Dealing with a bereavement – even one that may have been expected – can be devastating and overwhelming enough without the paperwork that awaits. You may not realise what is involved in administering a person’s estate until you have to do it yourself.
What is Probate?
When a person dies, the deceased’s estate (comprising money, investments, possessions, property etc.) must be dealt with and distributed to those entitled to it. To do this, a Grant of Probate (where the deceased left a valid will) or a Grant of Letters of Administration (where no Will has been found) must be applied for at the Probate Division of the Royal Court. Both are legal documents which prove your authority to administer the estate either in accordance with the terms of the will, or in accordance with Jersey law.
Prior to a Grant being obtained, it is sensible to make initial contact with the bank to register the death and to freeze accounts. This ensures pension payments and direct debits stop. It is also your responsibility to ensure that any items of value (e.g. jewellery) are properly safeguarded.
Is a Grant of Probate required?
This will depend on what assets are held within the estate. If the deceased held assets jointly with you or another person, ownership may pass automatically to the survivor regardless of any will in place and probate may not be required. Where the deceased held assets in their sole name however, an asset holder is likely to request sight of a Grant before releasing the asset to you.
In the case of joint assets, sight of a death certificate will allow the bank to transfer the account into the survivor’s sole name. However, it’s important to be careful when handling the deceased’s assets before a Grant has been issued, as this could be considered intermeddling.
How do you obtain the Grant?
Apply directly with the Probate Registry. You will be required to submit a copy of the death certificate, the original Will (if applicable), a schedule of assets and valuations as at the date of death for stamp duty purposes (but only on assets held in their sole name, remember!). This will involve you sorting through the deceased’s papers.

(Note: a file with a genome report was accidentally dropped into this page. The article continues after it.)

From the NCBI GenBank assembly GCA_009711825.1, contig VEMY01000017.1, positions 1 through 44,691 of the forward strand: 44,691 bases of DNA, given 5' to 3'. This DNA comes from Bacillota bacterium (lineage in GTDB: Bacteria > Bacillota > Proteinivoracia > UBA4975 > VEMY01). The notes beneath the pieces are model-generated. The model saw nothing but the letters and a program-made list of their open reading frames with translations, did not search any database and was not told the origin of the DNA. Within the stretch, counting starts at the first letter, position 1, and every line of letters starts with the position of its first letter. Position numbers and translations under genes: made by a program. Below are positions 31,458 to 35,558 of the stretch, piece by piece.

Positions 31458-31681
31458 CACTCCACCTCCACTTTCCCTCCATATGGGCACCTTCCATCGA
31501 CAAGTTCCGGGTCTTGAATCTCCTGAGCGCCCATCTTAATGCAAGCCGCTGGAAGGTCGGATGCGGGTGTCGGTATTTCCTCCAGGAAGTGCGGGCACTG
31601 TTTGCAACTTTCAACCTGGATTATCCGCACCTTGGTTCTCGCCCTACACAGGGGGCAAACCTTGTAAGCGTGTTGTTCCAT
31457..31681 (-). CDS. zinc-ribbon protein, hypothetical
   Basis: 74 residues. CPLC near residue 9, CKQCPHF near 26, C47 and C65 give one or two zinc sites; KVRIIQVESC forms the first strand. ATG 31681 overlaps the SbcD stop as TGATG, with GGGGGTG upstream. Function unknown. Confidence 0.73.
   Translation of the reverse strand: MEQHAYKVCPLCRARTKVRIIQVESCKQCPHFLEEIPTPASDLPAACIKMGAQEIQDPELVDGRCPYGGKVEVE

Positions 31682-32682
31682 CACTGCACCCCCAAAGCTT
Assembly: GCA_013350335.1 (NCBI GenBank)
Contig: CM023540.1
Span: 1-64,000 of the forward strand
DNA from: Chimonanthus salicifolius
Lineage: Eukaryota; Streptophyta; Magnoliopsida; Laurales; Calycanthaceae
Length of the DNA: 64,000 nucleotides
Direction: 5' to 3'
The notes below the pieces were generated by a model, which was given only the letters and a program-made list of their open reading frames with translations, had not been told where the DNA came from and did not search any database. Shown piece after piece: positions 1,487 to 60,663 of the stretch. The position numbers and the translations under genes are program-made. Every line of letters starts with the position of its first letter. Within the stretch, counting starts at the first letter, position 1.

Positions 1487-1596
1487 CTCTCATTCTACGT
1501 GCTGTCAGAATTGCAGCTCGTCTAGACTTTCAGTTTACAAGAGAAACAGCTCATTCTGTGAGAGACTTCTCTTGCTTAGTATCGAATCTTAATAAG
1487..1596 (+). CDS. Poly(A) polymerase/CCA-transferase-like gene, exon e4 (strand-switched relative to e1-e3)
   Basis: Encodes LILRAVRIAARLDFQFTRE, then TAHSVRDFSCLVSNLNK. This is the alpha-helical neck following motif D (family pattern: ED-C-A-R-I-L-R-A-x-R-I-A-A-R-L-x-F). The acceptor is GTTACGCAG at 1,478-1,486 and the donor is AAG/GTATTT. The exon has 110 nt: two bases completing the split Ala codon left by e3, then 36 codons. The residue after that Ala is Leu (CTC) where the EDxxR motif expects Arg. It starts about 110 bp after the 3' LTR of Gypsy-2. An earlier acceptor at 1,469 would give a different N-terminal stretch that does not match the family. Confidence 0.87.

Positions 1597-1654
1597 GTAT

The Registry will then arrange a further appointment with you to swear an oath in which you confirm that you will faithfully administer and/or carry out the contents of the will
Appoint another person or law firm to obtain the Grant and thereafter administer the estate on your behalf. This is often the preferred approach where an executor is not resident in Jersey.
Stamp duty is payable when an application for a Grant is made. The duty payable is calculated on the net value of the estate as at the date of death.
What happens next?
Once the Grant has issued, you can now contact various asset holders (banks, pension providers etc.) to formally register the death and request that funds be sent to an account nominated by you.
Then you can begin to settle any outstanding liabilities such as doctors’ bills and the funeral. If the deceased was a local taxpayer, the estate will be entitled to a Death Grant payment from Social Security. This payment can be offset against the funeral costs.
With all assets collected and liabilities paid, distribution can now take place in accordance with the terms of the Will or under the rules of intestacy. Under Jersey law, the period under which challenges can be brought against a Will is either a year and a day from the date a Will is registered with the Court or from the date of death. For this reason, distribution should not occur before the later of the two dates.
Take action now
Knowing what is involved, we suggest that now would be a good time to consider who you would want and trust to administer your estate upon your death.
This article is intended only as a brief introduction to Probate and Estate administration. Should you find yourself appointed as an executor under a Will or should a loved one have died without a will in place, it is important to seek legal advice as soon as possible so you can be guided through the process.